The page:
It's looking to be an exciting event. Special guest James P. Hoffa, General President of the International Brotherhood of Teamsters, will be on hand to welcome the Stewards.
Over lunch, Steve Vairma, International Brotherhood of Teamsters Vice-President at Large, and April Sims the newly-elected Secretary-Treasurer of the Washington State Labor Council, AFL-CIO will address the group.
If you are a Shop Steward, you should have received an invitation to the Seminar with information about what to expect at the event. If you have not yet confirmed or need to cancel, please contact Madeline Shumate at 206-441-4860 x1225.
If you have questions about logistics, please reach out to your Union Representative.
We have fantastic news from Olympia tonight. Our bill (SB 5021) granting interest arbitration rights to Teamsters who work at the Washington State Department of Corrections passed unanimously out of the Senate.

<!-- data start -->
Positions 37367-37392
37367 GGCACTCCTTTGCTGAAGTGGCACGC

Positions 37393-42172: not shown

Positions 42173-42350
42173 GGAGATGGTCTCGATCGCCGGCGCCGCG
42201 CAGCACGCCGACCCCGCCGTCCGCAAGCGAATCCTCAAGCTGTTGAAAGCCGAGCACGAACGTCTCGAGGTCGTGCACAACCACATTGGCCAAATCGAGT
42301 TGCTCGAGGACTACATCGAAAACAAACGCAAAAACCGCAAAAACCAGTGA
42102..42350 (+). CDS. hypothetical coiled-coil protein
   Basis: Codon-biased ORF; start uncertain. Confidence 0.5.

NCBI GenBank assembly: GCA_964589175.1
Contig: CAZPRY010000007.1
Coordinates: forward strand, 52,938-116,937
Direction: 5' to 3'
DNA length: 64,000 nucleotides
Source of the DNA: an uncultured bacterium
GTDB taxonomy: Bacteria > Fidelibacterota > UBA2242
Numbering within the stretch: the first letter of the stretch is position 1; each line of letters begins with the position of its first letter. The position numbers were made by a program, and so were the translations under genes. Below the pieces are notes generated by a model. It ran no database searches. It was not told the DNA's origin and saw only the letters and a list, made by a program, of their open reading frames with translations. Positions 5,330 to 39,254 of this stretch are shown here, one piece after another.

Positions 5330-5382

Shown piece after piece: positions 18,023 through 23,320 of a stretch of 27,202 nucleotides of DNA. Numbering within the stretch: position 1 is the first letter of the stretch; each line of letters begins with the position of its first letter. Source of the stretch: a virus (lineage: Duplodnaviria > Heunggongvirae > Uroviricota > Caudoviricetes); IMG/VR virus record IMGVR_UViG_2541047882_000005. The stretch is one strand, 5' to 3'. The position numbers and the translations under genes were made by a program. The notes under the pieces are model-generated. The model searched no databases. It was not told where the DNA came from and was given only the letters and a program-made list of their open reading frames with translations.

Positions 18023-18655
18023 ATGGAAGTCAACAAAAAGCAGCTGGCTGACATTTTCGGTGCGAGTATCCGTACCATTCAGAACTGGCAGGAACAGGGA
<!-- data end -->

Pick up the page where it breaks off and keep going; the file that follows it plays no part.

This is a major victory for DOC Teamsters who have been fighting for statutory interest arbitration since 2010. It is also a testament to all of the members and their families who met with their legislators last week at our Lobby Day event.
Clearly, your voice made a tremendous impact. We still need a majority of representatives in the House to vote in favor of the legislation and a signature from the Governor, but passage in the Senate puts us a huge step closer to achieving our goal.
If you met with your State Senator last week and asked them to support interest arbitration for DOC, please send an email thanking them for their support.
Interest arbitration levels the playing field for union members working in public safety professions who don't have the ability to strike. It allows us to take mandatory subjects of bargaining to a neutral third-party arbitrator if we reach impasse with the State in contract negotiations.